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ONC Awards $1.5M to Improving Health Data Exchange

ONC awards focus on the use of health IT standards to improve health data exchange.

By Kyle Murphy, PhD

- Healthcare providers and patients are to be the beneficiaries of $1.5 million in awards made by the Office of the National Coordinator for Health Information Technology (ONC) to seven recipients of two funding programs to improve health data exchange via solutions based on health IT standards.

Health data exchange at ONC

“We are excited to support these innovative projects that advance the use of common standards to improve care, particularly in the categories of comprehensive medication management, laboratory data exchange, and care coordination,” National Coordinator  Vindell Washington, MD, MHCM, said in an official announcement. “These programs will serve as key building blocks for improving the patient and provider experience with the flow of health information.”

According to the federal agency, seven recipients will each receive a share of the $1.5 million made available through two funding opportunities — the High Impact Pilot and Standards Exploration Award.

The former program has four recipients:

The Health Collaborative: The Heartland Pilot is a partnership between The Health Collaborative and the Strategic Health Information Exchange Collaborative (SHIEC). It will use existing standards to advance a “network of networks” model as part of a Patient-Centered Data Model pilot project.

Lantana Consulting Group: This project will create a new standard for electronic pharmacist care plans (ePhCP), which have not been included in the Interoperability Standards Advisory - PDF. The project pilot will use health IT standards to integrate pharmacist care plans into coordination efforts for patient care across the health continuum.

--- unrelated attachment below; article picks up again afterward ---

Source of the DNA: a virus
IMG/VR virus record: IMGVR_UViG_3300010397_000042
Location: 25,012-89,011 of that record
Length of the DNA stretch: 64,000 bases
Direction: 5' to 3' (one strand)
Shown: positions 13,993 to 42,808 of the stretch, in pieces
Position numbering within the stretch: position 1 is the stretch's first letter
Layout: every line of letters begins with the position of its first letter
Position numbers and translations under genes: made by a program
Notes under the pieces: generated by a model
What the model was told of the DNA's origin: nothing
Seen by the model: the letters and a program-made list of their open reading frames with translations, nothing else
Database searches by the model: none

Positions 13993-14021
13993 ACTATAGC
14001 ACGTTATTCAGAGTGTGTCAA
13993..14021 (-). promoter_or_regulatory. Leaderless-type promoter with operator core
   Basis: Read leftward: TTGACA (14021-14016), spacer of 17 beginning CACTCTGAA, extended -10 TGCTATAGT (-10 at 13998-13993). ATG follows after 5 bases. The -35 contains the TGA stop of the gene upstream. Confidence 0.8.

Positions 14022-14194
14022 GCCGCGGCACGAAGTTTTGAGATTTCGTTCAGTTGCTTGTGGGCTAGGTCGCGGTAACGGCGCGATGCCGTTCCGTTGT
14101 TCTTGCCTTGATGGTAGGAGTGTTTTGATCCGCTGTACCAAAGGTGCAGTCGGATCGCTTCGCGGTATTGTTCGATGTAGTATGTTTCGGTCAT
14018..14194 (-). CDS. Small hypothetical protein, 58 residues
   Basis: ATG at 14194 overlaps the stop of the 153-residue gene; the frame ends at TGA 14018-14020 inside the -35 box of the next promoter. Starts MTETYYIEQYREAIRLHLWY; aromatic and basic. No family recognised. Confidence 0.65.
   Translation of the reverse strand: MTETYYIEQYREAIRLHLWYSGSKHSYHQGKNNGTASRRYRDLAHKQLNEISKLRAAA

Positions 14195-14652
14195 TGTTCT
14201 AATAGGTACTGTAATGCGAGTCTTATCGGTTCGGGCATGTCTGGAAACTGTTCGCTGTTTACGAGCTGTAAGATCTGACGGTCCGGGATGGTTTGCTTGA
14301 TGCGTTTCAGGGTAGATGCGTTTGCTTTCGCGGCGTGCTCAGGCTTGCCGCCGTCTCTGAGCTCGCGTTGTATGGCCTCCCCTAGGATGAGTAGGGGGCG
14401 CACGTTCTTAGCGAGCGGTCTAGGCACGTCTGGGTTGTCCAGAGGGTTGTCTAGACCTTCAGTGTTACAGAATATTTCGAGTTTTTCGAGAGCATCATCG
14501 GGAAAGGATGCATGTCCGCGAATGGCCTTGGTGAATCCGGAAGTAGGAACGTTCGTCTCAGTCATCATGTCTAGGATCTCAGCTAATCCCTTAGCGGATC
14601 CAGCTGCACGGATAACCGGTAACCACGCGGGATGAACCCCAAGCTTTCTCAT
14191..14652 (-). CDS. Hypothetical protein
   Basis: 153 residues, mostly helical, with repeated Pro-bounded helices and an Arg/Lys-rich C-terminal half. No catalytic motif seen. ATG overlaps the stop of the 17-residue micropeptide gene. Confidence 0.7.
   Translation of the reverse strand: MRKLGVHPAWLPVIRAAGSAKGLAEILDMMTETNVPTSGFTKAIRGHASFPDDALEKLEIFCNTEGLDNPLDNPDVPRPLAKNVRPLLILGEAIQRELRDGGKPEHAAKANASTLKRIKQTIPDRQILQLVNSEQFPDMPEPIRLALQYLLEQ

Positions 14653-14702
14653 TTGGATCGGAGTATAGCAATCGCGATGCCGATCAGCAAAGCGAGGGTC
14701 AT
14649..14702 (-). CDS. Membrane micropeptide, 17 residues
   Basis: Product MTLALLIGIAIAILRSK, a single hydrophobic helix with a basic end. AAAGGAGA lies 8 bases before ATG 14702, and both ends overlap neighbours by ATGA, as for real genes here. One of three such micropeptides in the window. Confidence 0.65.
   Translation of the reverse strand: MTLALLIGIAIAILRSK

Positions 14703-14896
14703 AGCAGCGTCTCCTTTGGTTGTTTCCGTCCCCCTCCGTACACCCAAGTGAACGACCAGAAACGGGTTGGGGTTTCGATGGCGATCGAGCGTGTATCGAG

RxREVU, Inc: This collaborative project between RxREVU, a Denver-based prescription intelligence company, and the Banner Health System plans to leverage patient-specific data shared via Fast Healthcare Interoperability Resources (FHIR) – a promising new interoperability standard – to reduce overall prescription drug spending, provide useful information on patient medication adherence, and operationalize organizational best practices.

The University of Utah: This community primary care project will allow clinicians and the University of Utah’s vascular surgery service that use common electronic health record (EHR) platforms to share information through a novel closed-loop surgical referrals dashboard application. This app will be designed to integrate with commercially available EHRs using the emerging Sustainable Medical Applications and Reusable Technologies (SMART) on FHIR standard.

The latter program has three:

Arkansas Office of Health Information Technology: The Arkansas project will implement interoperable, bi-directional health information exchange with behavioral health providers.

Cincinnati Children’s Hospital Medical Center: The Cincinnati project will explore the cost efficiencies of integrating healthcare and clinical research systems with the medical center’s electronic health record (EHR). This will enable patient data from the EHR to be used for research as well as direct patient care more efficiently.

Sysbiochem: In collaboration with Boston Children’s Hospital, Intermountain Healthcare, and Massachusetts General Hospital, Sysbiochem is developing services to facilitate the integrated flow of data between an EHR, Laboratory Informatics System and an analytic application to help clinicians coordinate care for  breast cancer patients

The awardees are expected to report their results next September.

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